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  5. "Er schlief auf dem Tisch."

"Er schlief auf dem Tisch."

Translation:He slept on the table.

August 9, 2016


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Rough night!

August 9, 2016


Then he would probably have slept under the table: Er schlief unter dem Tisch. :o)

August 9, 2016


There's a a story that goes along with this sentence, and I'd like to hear it. What did you do, Duo?

December 26, 2016


I spent three night sleeping on a massage table earlier this year.

October 2, 2019


Maybe the 'he' isn't a human, it could be a male cat.

January 16, 2017


And that is why we have a squirt bottle.

January 28, 2017


Is "Er hat auf dem Tisch geschlafen" acceptable? And if so, is there a difference in usage between the two?

April 7, 2017


It's correct in German but it's not the exercise. The difference is the same in English: He slept on the table, He has slept on the table.

June 27, 2017


The difference is not the same as in English -- German uses the perfect tense far more widely than English does.

June 27, 2017


In spoken German perhaps, however in written German, in my experience, it's the other way around. Er sah, Ich dachte, Sie bekam etc etc...

June 27, 2017


It depends on the register on the written German. Informal written German will use the perfect just as widely as in spoken.

January 18, 2018


I really beg to differ. I've got at least 50 children's books in German that are not at all using the perfect tense. Is that all the German books, no. It's a pretty good amount though and I feel it would be representative of "informal written".

February 10, 2018


"He slept on the table." / "He slept upon the table." --Thoughts on why the latter is not accepted?

October 30, 2017


My guess: because it's a less common word and so the course maintainers didn't think of it when they created the list of accepted translations.

I've added it now.

October 30, 2017


I wouldn't be so quick to add it.

Whatever upon means literally in English, it is most commonly used with some degree of a time element.

Once upon a time.

I came upon a snake on the table

You might use upon when describing something. ....Upon the table there was a snake, five sets of dishes ... But even here, there is a time element because this is the first time you are confronted with the image. If you were familiar with the setting you would use.....on that table, (that you already know about) there is a snake .....

It is mostly a matter of stylistic usage for a word which is rapidly becoming antiquated. Non English speakers should know that using upon is a distraction for the listener especially if it isn't connected to time in some way. Using a word which is outdated for normal conversation sets up an expectation of the kind of speech which is going to follow.

I'm sure many would disagree with me so they should feel free to use upon as much as they wish. But it is at least slightly distracting in ordinary conversation no matter how heartfelt the conviction that the speaker has as to its provenance.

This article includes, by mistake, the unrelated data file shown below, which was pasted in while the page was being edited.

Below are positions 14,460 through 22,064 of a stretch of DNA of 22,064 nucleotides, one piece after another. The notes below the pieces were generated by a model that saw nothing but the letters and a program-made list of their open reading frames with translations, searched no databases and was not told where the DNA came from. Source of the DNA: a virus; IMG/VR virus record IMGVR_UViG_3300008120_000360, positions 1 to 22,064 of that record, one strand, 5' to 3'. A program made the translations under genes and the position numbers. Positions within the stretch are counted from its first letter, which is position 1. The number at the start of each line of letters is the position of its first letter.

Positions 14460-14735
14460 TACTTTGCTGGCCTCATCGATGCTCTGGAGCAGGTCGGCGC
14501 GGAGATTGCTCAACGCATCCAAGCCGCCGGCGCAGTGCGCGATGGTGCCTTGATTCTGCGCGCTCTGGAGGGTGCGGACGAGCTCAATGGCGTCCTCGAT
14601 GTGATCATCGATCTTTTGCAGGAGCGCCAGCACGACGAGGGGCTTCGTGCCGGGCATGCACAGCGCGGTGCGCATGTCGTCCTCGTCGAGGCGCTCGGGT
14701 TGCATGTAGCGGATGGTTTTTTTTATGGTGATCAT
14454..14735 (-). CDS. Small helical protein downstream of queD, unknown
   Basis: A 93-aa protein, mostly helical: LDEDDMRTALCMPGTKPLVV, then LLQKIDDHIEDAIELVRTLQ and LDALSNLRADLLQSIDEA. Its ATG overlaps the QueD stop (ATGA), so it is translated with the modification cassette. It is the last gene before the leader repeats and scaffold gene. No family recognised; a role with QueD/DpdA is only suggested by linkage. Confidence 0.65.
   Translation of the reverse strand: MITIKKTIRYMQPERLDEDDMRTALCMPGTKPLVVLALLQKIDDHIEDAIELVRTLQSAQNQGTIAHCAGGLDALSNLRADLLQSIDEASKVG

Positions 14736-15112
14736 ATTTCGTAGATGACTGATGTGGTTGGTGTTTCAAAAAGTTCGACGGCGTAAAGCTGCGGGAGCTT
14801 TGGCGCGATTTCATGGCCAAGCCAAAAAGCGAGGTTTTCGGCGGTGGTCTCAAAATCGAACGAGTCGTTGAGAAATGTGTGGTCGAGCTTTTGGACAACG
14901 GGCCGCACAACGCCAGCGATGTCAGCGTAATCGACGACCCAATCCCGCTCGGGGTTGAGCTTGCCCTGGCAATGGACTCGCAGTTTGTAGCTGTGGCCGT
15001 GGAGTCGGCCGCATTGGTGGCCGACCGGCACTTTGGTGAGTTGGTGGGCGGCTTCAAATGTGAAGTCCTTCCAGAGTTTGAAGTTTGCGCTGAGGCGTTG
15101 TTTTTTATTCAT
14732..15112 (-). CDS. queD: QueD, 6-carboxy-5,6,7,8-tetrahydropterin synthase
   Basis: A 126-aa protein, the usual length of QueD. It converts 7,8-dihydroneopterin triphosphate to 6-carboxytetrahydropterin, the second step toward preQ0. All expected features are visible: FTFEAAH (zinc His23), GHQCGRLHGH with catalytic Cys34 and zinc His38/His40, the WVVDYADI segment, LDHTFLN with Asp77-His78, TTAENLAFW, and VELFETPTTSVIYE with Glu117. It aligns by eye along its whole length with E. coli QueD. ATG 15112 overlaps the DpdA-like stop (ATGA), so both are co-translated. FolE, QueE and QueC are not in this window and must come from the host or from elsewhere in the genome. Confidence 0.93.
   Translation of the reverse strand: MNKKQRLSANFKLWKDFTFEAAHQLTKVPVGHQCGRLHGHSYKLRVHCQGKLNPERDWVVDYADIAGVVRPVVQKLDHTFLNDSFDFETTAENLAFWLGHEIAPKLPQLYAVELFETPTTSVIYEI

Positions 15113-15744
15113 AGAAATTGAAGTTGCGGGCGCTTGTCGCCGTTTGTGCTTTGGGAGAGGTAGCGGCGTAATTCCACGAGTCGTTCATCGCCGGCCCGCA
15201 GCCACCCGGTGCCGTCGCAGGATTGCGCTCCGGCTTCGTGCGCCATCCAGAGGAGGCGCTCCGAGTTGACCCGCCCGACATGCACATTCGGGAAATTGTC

March 11, 2018


Why is Tisch in the genetive case and not accusative case? The door is the one who "receives" or is "acted upon"... No?

December 21, 2017


Tisch is not in the genitive case.

It's in the dative case, because the preposition auf requires the dative case when indicating a location.

The door is not a core argument of the verb -- it's not the subject, and "sleep" doesn't have a direct object (you can't "sleep the table"). The door is not receiving anything, not acted on (it's not "the thing which is slept").

It's just part of a prepositional phrase.

December 21, 2017


I'm confused here too. Another exercise puts Tisch in the accusative when it's an indirect object: Er stellte die Tassen auf den Tisch. What makes it acc. there and dat. here?

January 18, 2018


Tisch is not the indirect object in either of those sentences -- it's not directly connected to the verb as an object at all.

Instead, it's part of a prepositional phrase headed by the preposition auf.

auf is one of those two-way locative prepositions that takes the dative case when indicating the location of an item or an action, and the accusative case when indicating the destination of motion.

In Er stellte die Tassen auf den Tisch, the cups started somewhere else and moved onto the table when he put them there: the table is the destination of the movement "putting". Thus the sentence uses the accusative case after auf. auf + accusative is often translated by "onto".

In Er schlief auf dem Tisch, the sleeping took place on the table. His body did not start somewhere else and then "sleep onto the table": there is no motion involved, and "onto the table" doesn't make sense here. The table is just a location, and so the sentence uses the dative case after auf. auf + dative is often translated by "on".

January 19, 2018


I think you confuse Tür (door) and Tisch (table). Also, the table is not in the genitive case, but in the dative case. This is because when preceded by a location preposition, the article is accusative when the action implies moving (eg. towards the table) and dative when the action doesn't imply movement (eg. already on the table).

For example: He went on the table. -> Er ging auf den Tisch. The subject was moving towards the table, thus accusative is used.

He slept on the table. -> Er schlief auf dem Tisch. The subject was not moving, he was already on the table. Hence dative is used.

February 9, 2018
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